But, with its relaxed call and response style, ‘Guitar Man’ featuring Christone “Kingfish” Ingram, captures one of the warmest and most authentically fun sounding collaborations of all. An ode to the lifestyle of the hardworking gigging guitarist, its humble lyrical sentiments seem perfectly reflected in the charmingly battered acoustic guitar tones that run throughout. A soulful electric guitar solo from Ingram at the close of the track is simply the icing on the cake.
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7. Jack White & Q-Tip: ‘Hi-De-Ho’ from Fear Of The Dawn
Professional pusher of musical boundaries, Jack White turned heads earlier this year with this raucously off-beat, genre-defying caper – featuring rap icon, Q-Tip

Using a vintage Cab Calloway sample as its creative centrepoint, the track features everything from huge synth-like guitars, to groove-powered verses and even some delicate acoustic timbres – all bound together by an imaginative and ever so slightly trippy production.

While this might not be everyone’s cup of tea, there really isn’t anybody else out there with a musical mind quite like the former White Stripes frontman. So, plug in, turn up and let’s get weird for three minutes and fifty-six seconds with Mr. White.
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8. Supersonic Blues Machine featuring Sonny Landreth: ‘8 Ball Lucy’ from Voodoo Nation
Built around a core trio consisting of Kris Barras, Kenny Aronoff and Fabrizio Grossi, Supersonic Blues Machine are collaboration experts whose star-studded back catalogue includes recordings cut with the likes of Warren Haynes, Steve Lukather, Billy F Gibbons, Shemekia Copeland, Walter Trout and Robben Ford, to name just a few.

The jewel in their latest collection comes in the form of moody rocker ‘8 Ball Lucy,’ which is peppered with the inimitable slide stylings of bottleneck legend, Sonny Landreth. With rumbling bass, an air of swampy voodoo mysticism and a sing/shout-along chorus, this is a track best enjoyed with the volume cranked.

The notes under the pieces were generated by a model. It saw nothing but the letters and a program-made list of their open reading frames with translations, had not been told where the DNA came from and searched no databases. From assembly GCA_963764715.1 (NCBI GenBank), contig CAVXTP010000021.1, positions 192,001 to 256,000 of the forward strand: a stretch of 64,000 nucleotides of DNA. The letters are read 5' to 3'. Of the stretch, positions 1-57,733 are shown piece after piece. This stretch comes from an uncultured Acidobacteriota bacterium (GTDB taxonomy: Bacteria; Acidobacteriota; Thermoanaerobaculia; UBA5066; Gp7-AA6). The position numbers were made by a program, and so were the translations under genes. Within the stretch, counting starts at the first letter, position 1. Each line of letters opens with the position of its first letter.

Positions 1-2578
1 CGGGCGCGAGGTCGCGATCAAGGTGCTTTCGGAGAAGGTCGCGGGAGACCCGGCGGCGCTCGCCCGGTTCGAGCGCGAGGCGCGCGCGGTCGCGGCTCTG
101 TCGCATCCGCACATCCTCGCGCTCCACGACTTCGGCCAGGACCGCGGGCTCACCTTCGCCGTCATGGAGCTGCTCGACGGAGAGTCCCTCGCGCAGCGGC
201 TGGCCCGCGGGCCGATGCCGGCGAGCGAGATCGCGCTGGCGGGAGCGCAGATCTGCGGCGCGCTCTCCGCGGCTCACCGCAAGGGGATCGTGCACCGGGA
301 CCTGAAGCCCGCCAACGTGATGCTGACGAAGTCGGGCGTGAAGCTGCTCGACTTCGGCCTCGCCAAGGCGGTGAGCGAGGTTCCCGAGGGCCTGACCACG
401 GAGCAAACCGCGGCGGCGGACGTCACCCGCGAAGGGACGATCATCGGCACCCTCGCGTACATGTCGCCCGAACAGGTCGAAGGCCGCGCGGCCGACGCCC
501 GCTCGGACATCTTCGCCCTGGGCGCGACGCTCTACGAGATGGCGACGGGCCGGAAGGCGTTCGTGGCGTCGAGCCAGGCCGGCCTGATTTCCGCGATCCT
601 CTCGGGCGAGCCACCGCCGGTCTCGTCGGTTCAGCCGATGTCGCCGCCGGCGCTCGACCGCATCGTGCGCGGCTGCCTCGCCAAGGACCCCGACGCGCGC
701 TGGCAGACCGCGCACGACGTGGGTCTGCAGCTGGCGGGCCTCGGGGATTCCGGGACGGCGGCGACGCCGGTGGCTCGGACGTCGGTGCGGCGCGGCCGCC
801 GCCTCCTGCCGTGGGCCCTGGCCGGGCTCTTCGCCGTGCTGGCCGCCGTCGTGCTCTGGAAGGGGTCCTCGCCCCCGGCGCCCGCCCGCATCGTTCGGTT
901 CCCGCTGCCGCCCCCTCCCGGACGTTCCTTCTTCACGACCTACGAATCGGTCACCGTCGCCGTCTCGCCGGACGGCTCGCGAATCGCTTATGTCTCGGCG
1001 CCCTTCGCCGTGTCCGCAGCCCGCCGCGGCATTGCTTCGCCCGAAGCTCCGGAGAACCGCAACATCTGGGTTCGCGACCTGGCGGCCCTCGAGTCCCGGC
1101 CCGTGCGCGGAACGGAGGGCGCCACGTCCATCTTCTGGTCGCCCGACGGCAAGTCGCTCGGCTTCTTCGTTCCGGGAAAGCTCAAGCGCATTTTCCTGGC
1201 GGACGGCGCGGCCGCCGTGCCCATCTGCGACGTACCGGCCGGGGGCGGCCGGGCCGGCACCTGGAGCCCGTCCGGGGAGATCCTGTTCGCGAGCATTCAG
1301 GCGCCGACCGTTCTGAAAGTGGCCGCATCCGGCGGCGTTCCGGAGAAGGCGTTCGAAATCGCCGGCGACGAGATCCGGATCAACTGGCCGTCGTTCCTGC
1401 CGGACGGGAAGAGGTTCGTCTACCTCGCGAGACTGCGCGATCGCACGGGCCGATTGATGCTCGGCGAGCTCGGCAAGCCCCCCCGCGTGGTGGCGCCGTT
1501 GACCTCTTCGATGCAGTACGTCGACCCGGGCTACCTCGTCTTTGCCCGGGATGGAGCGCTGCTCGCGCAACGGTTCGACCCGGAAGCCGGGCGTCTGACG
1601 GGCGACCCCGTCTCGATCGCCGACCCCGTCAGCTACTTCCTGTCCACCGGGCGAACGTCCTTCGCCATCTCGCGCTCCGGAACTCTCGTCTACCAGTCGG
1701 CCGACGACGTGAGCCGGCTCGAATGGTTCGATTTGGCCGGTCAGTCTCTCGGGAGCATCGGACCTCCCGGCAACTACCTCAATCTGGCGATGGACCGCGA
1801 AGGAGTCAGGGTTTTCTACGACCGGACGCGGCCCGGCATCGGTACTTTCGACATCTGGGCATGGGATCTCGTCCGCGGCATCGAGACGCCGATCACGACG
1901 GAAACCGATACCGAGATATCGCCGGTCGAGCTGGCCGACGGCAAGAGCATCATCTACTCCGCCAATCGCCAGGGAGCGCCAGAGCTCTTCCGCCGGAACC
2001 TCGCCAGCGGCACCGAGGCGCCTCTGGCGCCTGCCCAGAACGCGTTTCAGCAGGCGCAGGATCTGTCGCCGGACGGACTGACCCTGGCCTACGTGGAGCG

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9. Ry Cooder & Taj Mahal: ‘Pick A Bale of Cotton’ from GET ON BOARD
Ry Cooder and Taj Mahal’s collaborative record Get On Board saw the two blues/roots pioneers join forces for the first time in almost six decades. Having worked together in The Rising Sons back in the mid-1960s, the project brought the pair circling back to the Piedmont blues style that had inspired them both as youngsters.

Cut live and with next to nothing in the way of production frills, ‘Pick A Bale of Cotton’ is just one of many joyously organic acoustic romps on the album. Originally written by Brownie McGhee and Sonny Terry, it features Cooder on guitar and vocals, Mahal on harmonica and vocals and Cooder’s son Joachim on percussion. If you’re searching for something decidedly and beautifully un-modern, then look no further.
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10. Larry McCray featuring Warren Haynes: ‘Down To The Bottom’ from Blues Without You
What do you do if you’ve penned a perfect blues ballad but want to really bring it home with some absolutely soaring slide guitar? You call upon Warren Haynes, of course.

The Gov’t Mule virtuoso – who has guested on more records than we could possibly count – has been in high demand since the early 1990s, and his tasteful slide playing on this track expertly compliments Larry McCray’s own nimble fretwork.

In a song all about rising from one’s lowest ebb through patience and determination, the pair’s blazing dual-guitar performance at the song’s close provides just about the most apt crescendo you could ask for.
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11. John Mayall featuring Marcus King: ‘Can’t Take No More’ from The Sun is Shining Down
There’s nothing quite like a collaboration between an elder statesman of the genre and one of its brightest young stars to reinforce the intergenerational, timeless appeal of blues music.

Here, Mayall and King make for equally matched sparring partners – despite their 62-year difference in years – as they trade fiery, vibrato-laden licks. At times, it’s even challenging to tell the two apart.

Earlier in 2022, Mayall announced that he would be hanging up his touring shoes. If ‘Can’t Take No More’ represents a metaphorical passing of the baton, then the genre is in demonstrably safe hands with Marcus King.
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12. Ian Siegal & Shemekia Copeland: ‘Hand In Hand’ from Stone By Stone
2022 has been a big year for Shemekia Copeland, and while we could have chosen a collaboration from her own album, Done Come Too Far, a relatively undiscovered gem can be found in the form of her guest spot on British Bluesman Ian Siegal’s latest record.

‘Hand In Hand’ a hopeful unplugged number with a backing track of breezy, pre-war style fingerpicking that Siegal peppers with lots of tasty slide guitar. But it’s the somewhat alchemical magic of Copeland and Siegal’s two very different voices coming together that really makes the track. Would it be greedy to wish for a whole album of Siegal/Copeland collabs? Listen and decide for yourself…
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Rock & Blues Muse Spotify Playlist 12 Best Rock And Blues Collaborations of 2022 (So Far)